Tuesday’s ad is for the Green Tree Brewery of St. Louis, and specifically their Buck Beer — apparently a bock — from 1906. Weird that they called it “buck” but then again perhaps they were thinking ahead and believed it was be easier to own or trademark the name which I confess I didn’t even notice was buck when I first looked at this ad.
Monday’s ad is for Heineken, from, I think, the early 1990s. I confess I don’t remember this ad campaign from Heineken, but I recently discovered that they had a reasonably long-running series of ads with the tagline “When You make a great beer, you don’t have to make a great fuss.” They’re all minimalist in design with witty text and that fussy tagline. I haven’t been able to find a lot of specifics about the campaign, apart from a few suggestions that it may not have run in the United States. But it’s pretty funny in the context of the ABI Super Bowl ad that accused craft beer drinkers of being to fussy about their beer.
Sunday’s ad is for the British ad campaign “Beer is Best,” from 1938. Part of “A Calendar of British Beer” from that year, March features a wonderful illustration of a farmer sowing his field with barley, and the text explains that this is the month for it, with some statistics of how much of the grain it takes each year to create all of England’s beer. “All the year round. Beer is Best.” Happy March.
Saturday’s ad is for Anheuser-Busch, from 1892. Apparently shortly after the competition of a new brewhouse in St. Louis, they celebrated by sponsoring “pen and sunlight sketches of Omaha and environs” with this ad. One curious feature of the otherwise simple image ad, is this line. “No Corn or Corn Preparations are used in the manufacture of Anheuser-Busch beer. It is, therefore, the highest-priced by the most wholesome and really the least expensive for its superior quality.” Funny they didn’t mention rice.
Wednesday’s ad is another one for Anheuser-Busch’s “Malt-Nutrine,” also from 1908. Malt-Nutrine was promoted not as a non-alcoholic beer, but as a “pure malt tonic” and sold by druggists and grocers. “The Health of the Farmer” that the ad is touting comes from Malt-Nutrine containing “the combined juices of germinated barley and selected Saazer Hops.” Is that all? Hell, no. “Every bottle is charged with the strength and glory of the golden grain. Its aroma is the fragrance of the clinging hop vine and its living vigor is the cream of ripened barley. It infuses life into the blood — sustains all the vital powers and to the feeble, aged and run down it is a veritable restorer of recreative and soothing potency.”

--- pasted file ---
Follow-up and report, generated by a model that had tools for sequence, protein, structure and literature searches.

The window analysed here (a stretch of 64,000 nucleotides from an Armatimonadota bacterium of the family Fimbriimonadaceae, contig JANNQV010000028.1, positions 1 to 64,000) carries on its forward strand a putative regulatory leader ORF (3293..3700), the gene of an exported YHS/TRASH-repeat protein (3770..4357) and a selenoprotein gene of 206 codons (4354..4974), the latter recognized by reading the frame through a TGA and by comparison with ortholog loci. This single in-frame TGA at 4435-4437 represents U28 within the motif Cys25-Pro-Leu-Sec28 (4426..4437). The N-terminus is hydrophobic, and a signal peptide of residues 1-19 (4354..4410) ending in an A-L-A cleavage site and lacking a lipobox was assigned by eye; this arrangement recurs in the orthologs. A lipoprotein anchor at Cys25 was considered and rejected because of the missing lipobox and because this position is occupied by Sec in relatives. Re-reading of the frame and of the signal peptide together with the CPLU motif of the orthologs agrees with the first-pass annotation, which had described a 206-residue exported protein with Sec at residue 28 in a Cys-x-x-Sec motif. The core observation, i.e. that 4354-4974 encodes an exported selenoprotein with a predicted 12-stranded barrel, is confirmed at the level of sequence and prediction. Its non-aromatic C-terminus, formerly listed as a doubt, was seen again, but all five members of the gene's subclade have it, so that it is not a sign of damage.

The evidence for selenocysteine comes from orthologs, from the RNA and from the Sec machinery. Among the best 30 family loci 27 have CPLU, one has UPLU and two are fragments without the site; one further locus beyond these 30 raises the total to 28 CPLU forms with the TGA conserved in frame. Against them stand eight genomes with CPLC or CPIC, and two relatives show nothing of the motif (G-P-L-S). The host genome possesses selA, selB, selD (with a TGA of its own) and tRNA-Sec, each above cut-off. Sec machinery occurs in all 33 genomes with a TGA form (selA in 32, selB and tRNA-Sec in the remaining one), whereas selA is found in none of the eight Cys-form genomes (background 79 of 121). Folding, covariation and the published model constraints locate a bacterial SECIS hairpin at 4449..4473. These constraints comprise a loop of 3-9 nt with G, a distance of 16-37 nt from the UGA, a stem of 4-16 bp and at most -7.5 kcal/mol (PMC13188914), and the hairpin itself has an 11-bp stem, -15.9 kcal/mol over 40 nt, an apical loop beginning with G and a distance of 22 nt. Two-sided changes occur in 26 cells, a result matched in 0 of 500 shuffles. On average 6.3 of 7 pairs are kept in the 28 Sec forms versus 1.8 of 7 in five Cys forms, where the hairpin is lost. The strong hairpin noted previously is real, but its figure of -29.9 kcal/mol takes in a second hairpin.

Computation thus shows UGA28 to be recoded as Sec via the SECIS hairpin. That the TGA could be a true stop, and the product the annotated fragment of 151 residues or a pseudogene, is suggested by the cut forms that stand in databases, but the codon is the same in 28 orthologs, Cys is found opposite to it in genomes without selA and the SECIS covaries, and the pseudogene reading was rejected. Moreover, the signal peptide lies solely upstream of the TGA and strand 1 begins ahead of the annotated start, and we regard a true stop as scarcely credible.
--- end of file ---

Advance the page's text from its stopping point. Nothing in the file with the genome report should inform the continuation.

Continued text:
Tuesday’s ad is for Anheuser-Busch’s “Malt-Nutrine,” from 1908. Malt-Nutrine was promoted not as a non-alcoholic beer, but as a “pure malt tonic” and sold by druggists and grocers. “The Bloom of Health” that the ad refers to apparently only “blossoms” if you have enough “life-giving blood.” Luckily, Malt-Nutrine is “a blood and strength maker.” Here’s the best bit: “Every drop of it is alive with the health-bringing juices of barley and the vigorous tonic powers of imported Saazer Hops.” You’ll feel good enough to play golf or plow a field.
Monday’s ad is another one for Budweiser, this one from 1910. The headline is “The Wise Trainer of Athletes,” but that’s just the start. It continues. “The Wise Trainer of Athletes Knows that the moderate use of a mild stimulant is beneficial to his charges. The vast majority of such men recommend Budweiser Because it is nourishing and refreshing and quickly relieves the tired feeling that may result from physical activity.” My son Porter just joined his middle school’s track team, but I think I’ll hold off on adding beer to his workout regime, at least for now.
Sunday’s ad is for Budweiser, from 1913. Showing an idyllic suburban porch setting, with a tray of beer bottles, and this question. “Where’s more real enjoyment? The shady home-porch, a comfortable chair, a good cigar or pipe, a congenial friend, and a cool, refreshing bottle of Budweiser.” Apparently, in 1913, the St’ Louis brewery was producing 3 million bottles each week. But I wonder how many people in 1913, well before the post-war suburban boom that occurred after 1945, even had a porch like this one?